By Lara Taylor
In September, Blizzard Entertainment released their latest patch in World of Warcraft, called the Siege of Orgrimmar. With it came a lot of new content (including a new island to explore, and a new raid), interesting storyline, and a lot of excitement.
Most people were excited just to be able to be the first to run through the new content, show it who’s boss, and get the new achievements and mad loots.
For me, it was a different kind of exploration that started when the Mists of Pandaria expansion came out a year before (just in time for my birthday, no less. Blizzard gave me pandas!).
The WoW storyline has always interested me (enough that I’ve read a few of the novels) and has been able to hold this player’s attention for years. The Pandaria expansion added a whole other level to how we think about storytelling.
In Pandaria, a person’s negative emotions (no matter how deeply buried) manage to manifest themselves in a very physical way in the form of Sha.
In a sense, throughout the expansion, you have to fight your own demons. You take charge and purge yourself, others, and the land of these negative emotions that can take over such as anger, despair and fear.
In the new patch content, you have to save others’ souls by purging them of the influence of the sha and save them from being possessed by sorrow, gloom, misery, sorrow and anguish.
There’s even a guardian who blocks your path. When you tell him that you’re trying to cleanse the world and save everyone, he says that you are too prideful to pass. This is where you really have to face yourself, as your pride manifests and you must defeat it to move on.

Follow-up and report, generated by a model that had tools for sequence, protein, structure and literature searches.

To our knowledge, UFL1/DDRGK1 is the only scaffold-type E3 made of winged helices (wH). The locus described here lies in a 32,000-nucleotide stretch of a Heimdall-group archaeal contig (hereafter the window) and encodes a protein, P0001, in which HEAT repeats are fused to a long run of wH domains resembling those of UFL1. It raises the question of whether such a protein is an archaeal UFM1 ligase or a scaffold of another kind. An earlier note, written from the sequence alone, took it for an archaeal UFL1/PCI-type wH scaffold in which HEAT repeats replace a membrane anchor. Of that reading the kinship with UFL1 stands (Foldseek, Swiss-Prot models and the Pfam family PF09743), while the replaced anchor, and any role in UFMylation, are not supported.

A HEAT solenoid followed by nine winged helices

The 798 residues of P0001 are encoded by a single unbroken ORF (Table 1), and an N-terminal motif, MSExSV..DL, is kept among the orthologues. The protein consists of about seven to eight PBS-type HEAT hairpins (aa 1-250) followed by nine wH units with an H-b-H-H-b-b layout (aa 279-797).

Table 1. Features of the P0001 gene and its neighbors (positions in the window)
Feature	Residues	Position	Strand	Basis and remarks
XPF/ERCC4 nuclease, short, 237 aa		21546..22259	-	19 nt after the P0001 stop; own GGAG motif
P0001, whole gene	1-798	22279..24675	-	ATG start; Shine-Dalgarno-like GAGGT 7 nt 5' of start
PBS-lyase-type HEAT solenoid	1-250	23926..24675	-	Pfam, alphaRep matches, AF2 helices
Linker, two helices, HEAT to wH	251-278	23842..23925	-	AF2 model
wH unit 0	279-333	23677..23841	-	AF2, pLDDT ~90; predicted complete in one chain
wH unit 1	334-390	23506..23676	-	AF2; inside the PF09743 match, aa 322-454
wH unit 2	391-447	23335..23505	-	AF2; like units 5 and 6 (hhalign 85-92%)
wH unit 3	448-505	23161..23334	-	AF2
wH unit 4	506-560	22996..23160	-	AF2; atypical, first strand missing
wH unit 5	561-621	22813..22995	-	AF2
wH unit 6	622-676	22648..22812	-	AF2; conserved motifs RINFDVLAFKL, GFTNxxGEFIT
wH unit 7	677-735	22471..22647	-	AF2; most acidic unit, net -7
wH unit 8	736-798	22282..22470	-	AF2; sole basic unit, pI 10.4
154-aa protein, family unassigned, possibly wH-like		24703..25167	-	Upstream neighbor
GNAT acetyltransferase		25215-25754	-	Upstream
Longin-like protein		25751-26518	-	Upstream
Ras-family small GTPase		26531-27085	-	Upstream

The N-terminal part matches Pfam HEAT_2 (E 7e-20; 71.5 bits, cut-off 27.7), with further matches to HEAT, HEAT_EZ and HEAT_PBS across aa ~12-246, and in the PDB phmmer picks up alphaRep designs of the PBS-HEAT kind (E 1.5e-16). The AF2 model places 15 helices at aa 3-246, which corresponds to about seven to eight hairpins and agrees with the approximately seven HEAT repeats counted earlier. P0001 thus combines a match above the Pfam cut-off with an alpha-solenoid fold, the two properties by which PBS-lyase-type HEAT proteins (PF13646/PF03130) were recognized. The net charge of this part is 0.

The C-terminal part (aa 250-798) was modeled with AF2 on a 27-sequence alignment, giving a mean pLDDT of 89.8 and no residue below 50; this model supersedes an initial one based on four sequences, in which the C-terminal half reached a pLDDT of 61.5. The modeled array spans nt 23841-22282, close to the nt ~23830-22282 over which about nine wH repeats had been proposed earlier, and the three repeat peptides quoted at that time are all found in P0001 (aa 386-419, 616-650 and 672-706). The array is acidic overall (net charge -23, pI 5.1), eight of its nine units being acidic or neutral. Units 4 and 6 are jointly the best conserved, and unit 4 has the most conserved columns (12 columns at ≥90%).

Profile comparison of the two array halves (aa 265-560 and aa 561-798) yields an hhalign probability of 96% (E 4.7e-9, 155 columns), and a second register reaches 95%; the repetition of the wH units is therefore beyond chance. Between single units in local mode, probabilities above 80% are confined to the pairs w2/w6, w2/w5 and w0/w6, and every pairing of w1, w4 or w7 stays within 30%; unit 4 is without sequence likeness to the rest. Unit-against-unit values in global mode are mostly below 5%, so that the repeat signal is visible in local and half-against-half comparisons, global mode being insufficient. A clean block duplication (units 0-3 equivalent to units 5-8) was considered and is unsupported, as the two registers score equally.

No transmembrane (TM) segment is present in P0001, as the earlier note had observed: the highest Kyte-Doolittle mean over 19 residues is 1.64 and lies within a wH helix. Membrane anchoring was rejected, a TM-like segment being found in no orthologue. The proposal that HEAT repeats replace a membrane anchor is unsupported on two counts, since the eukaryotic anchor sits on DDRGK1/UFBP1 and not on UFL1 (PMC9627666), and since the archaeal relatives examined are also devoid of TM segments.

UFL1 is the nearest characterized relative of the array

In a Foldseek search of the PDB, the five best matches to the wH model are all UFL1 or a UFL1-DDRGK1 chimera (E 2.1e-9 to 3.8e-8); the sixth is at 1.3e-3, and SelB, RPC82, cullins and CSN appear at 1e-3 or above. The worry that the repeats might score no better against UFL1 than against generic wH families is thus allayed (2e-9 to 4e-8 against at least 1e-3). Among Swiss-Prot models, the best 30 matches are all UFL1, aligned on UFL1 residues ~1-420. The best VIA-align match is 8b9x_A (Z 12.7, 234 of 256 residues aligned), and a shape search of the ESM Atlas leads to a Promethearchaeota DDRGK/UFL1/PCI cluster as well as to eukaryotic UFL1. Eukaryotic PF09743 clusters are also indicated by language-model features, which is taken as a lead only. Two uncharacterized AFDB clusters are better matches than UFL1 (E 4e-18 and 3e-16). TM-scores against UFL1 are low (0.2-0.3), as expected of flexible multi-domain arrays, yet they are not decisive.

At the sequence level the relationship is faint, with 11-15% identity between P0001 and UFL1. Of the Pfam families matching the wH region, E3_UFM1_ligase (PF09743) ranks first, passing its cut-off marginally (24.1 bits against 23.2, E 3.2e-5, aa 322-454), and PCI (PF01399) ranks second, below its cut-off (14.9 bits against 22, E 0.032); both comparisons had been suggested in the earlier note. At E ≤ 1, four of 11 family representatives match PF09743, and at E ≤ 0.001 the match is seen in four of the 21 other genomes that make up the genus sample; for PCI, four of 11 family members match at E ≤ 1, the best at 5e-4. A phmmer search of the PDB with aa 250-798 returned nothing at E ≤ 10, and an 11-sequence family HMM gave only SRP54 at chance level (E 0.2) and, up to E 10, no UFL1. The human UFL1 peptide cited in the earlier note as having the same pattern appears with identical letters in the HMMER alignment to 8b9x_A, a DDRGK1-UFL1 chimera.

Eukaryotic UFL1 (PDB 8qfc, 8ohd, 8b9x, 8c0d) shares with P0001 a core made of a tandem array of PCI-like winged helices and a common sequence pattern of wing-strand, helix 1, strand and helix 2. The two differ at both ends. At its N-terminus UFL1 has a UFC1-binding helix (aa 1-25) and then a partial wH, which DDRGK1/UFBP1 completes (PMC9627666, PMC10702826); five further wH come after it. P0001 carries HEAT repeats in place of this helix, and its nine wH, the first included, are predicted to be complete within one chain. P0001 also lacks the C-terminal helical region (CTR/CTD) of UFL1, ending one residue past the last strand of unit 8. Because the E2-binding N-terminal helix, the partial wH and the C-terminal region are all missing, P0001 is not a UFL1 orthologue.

This is as far as I have made it into the new raid, but I’m intrigued. I feel that most people just move past this deep, potentially powerful, content as though it’s just something else to hack away at. If you look closely, this storyline has some potential to heal. My guildmate even joked about the game turning into a cheap self-help book.
If a therapist played with their client, think about how healing it may be to work through negative emotions and literally grapple with them, and eventually take them down. How awesome might it feel for a teenager dealing with depression to take out the Sha of Despair (who yells out comments about giving up). How empowered might someone struggling with controlling their temper feel when they’ve defeated the Sha of Anger? Those are only a couple of examples.
The last piece I wanted to touch on is the way the game handles good and evil. In general, most people think of the Alliance as the good guys, and the Horde as the bad guys (well, most people who haven’t played WoW or only play a little). In actuality, both sides have their faults and their virtues. They fight against the same evils again and again. They just don’t see eye to eye on how to get it done, and let old wounds get in the way.
In Mists of Pandaria, both sides are put in their place by the Pandaren, who feel them both arrogant and war hungry. The final boss in the new expansion is the Horde’s leader, Garrosh Hellscream. The Horde is rebelling to take him out because they’ve seen him do some horrible things. They team up with the Alliance to try to put someone more honorable and wise in his place.
I don’t know how it turns out, but the fact is that even the “bad guys” can have some humanity. And some acts are just too far past the line to accept.
I’m excited to see what happens…if my guild can ever make it past the second boss.
This article originally posted on Therapeutic Code